'They've just been happy to have us': Canadian soldiers combatting COVID-19 in Kashechewan

COVID-19 continues to retreat in the James Bay community of Kashechewan and the fading away of the outbreak is partly thanks to the work of the Canadian Armed Forces.

Soldiers focused on building tent frames and domed isolation units that will stay when they fly out

A dozen members of the Canadian Armed Forces immediate response unit, plus about 20 Canadian Rangers, are helping combat COVID-19 in the James Bay community of Kashechewan. (Canadian Armed Forces)

COVID-19 continues to retreat in the remote community of Kashechewan on Ontario's James Bay Coast. 

An outbreak last week saw over 300 people infected with coronavirus, most of them unvaccinated children.

As of June 23, that has dropped down to 87 active cases.

The Canadian Armed Forces' 12-member immediate response unit arrived last week and is working with about 20 local Canadian Rangers to help build isolation shelters and deliver supplies to the community of 1,900.

"They've been grateful," says Master Cpl. Jason Lane.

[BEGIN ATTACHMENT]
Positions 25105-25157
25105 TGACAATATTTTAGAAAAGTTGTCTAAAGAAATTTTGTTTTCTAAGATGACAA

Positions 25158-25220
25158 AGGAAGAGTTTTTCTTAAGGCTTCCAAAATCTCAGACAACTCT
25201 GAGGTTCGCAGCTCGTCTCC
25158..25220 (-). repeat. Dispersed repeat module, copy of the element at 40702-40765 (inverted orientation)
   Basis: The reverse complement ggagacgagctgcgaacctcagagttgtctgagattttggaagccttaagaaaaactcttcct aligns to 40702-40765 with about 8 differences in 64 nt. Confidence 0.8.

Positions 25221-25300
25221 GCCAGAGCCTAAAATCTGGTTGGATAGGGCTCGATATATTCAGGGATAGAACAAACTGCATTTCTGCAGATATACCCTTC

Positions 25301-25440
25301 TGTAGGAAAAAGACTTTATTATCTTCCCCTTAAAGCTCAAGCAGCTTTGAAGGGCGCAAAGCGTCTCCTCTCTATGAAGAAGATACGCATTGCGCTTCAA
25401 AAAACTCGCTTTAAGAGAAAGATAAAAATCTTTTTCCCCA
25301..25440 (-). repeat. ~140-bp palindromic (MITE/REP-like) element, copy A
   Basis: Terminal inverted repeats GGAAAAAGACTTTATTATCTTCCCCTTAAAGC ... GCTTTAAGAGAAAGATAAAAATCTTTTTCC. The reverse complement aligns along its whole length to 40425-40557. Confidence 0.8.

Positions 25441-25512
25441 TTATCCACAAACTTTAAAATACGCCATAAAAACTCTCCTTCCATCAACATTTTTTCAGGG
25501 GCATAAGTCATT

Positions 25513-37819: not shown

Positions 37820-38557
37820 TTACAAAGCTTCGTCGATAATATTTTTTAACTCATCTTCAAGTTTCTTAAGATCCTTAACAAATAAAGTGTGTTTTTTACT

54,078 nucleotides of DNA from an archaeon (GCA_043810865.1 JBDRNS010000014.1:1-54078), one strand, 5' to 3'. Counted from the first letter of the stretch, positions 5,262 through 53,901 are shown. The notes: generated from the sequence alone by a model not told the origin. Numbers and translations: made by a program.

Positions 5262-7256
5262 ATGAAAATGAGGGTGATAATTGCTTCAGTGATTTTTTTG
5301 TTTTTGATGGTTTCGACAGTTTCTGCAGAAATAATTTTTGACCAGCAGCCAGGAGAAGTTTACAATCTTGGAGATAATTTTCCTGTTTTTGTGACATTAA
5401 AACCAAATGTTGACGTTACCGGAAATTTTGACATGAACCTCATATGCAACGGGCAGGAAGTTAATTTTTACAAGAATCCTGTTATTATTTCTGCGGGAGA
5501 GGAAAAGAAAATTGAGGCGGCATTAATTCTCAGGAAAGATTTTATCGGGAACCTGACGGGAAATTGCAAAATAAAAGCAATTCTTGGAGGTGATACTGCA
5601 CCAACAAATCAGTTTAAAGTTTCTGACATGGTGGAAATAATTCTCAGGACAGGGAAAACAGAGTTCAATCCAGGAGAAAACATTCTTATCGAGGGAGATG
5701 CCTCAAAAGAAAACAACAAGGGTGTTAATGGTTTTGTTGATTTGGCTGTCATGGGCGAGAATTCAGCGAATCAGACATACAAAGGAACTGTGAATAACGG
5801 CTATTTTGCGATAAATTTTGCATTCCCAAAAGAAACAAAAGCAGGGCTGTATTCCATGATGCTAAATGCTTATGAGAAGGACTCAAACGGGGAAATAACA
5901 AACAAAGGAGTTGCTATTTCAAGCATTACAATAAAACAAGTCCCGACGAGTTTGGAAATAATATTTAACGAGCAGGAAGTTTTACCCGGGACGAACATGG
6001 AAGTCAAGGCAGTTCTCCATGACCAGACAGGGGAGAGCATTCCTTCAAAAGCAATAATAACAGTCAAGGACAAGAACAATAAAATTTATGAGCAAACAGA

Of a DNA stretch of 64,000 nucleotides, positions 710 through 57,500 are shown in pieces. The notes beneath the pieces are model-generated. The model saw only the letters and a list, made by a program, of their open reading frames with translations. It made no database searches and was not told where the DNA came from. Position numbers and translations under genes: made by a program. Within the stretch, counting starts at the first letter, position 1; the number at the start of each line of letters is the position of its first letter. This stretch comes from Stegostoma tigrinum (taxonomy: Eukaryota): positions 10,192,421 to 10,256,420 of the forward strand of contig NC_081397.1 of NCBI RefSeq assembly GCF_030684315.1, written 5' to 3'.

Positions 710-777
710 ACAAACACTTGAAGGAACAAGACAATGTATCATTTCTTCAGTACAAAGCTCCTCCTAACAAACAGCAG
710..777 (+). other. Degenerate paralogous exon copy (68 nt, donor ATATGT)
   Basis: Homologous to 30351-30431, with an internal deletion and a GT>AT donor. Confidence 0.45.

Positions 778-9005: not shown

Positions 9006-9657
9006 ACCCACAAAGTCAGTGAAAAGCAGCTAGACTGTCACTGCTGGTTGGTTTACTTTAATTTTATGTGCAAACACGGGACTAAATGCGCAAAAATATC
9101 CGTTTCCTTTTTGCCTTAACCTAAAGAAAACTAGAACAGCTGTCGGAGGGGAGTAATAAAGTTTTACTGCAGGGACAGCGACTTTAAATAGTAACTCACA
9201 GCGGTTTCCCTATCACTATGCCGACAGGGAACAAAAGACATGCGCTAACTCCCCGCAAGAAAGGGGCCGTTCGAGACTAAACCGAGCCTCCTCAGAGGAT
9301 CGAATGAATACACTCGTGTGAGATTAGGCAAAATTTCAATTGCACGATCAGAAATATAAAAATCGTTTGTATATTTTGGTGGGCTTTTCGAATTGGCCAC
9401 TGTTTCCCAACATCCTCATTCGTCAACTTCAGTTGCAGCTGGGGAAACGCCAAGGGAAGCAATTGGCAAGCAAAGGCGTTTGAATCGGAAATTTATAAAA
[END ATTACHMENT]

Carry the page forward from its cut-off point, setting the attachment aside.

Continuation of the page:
Canadian soldiers and rangers in Kashechewan have been focused on building shelters so those infected with COVID can isolate somewhere other than their crowded homes. (Canadian Armed Forces)

"We don't interact with them because for one, they're self-isolating and obviously for social distancing, but they've been grateful to see us up here. Yeah, they've just been happy to have us."

Lane says they've been focused on delivering food and other supplies to Kashechewan families isolating in their homes.

They've also been putting together canvas tents and domed structures for self-isolation, which will be staying behind when the military flies out. 

Lane says it's always tricky to know when their job is done. 

"It's never easy to tell," he says. 

"But the numbers have been significantly dropping for sure. It's an ongoing, day-by-day kind of thing and we'll keep doing our thing."


Erik White


Erik White is a CBC journalist based in Sudbury. He covers a wide range of stories about northern Ontario. Connect with him on Twitter @erikjwhite. Send story ideas to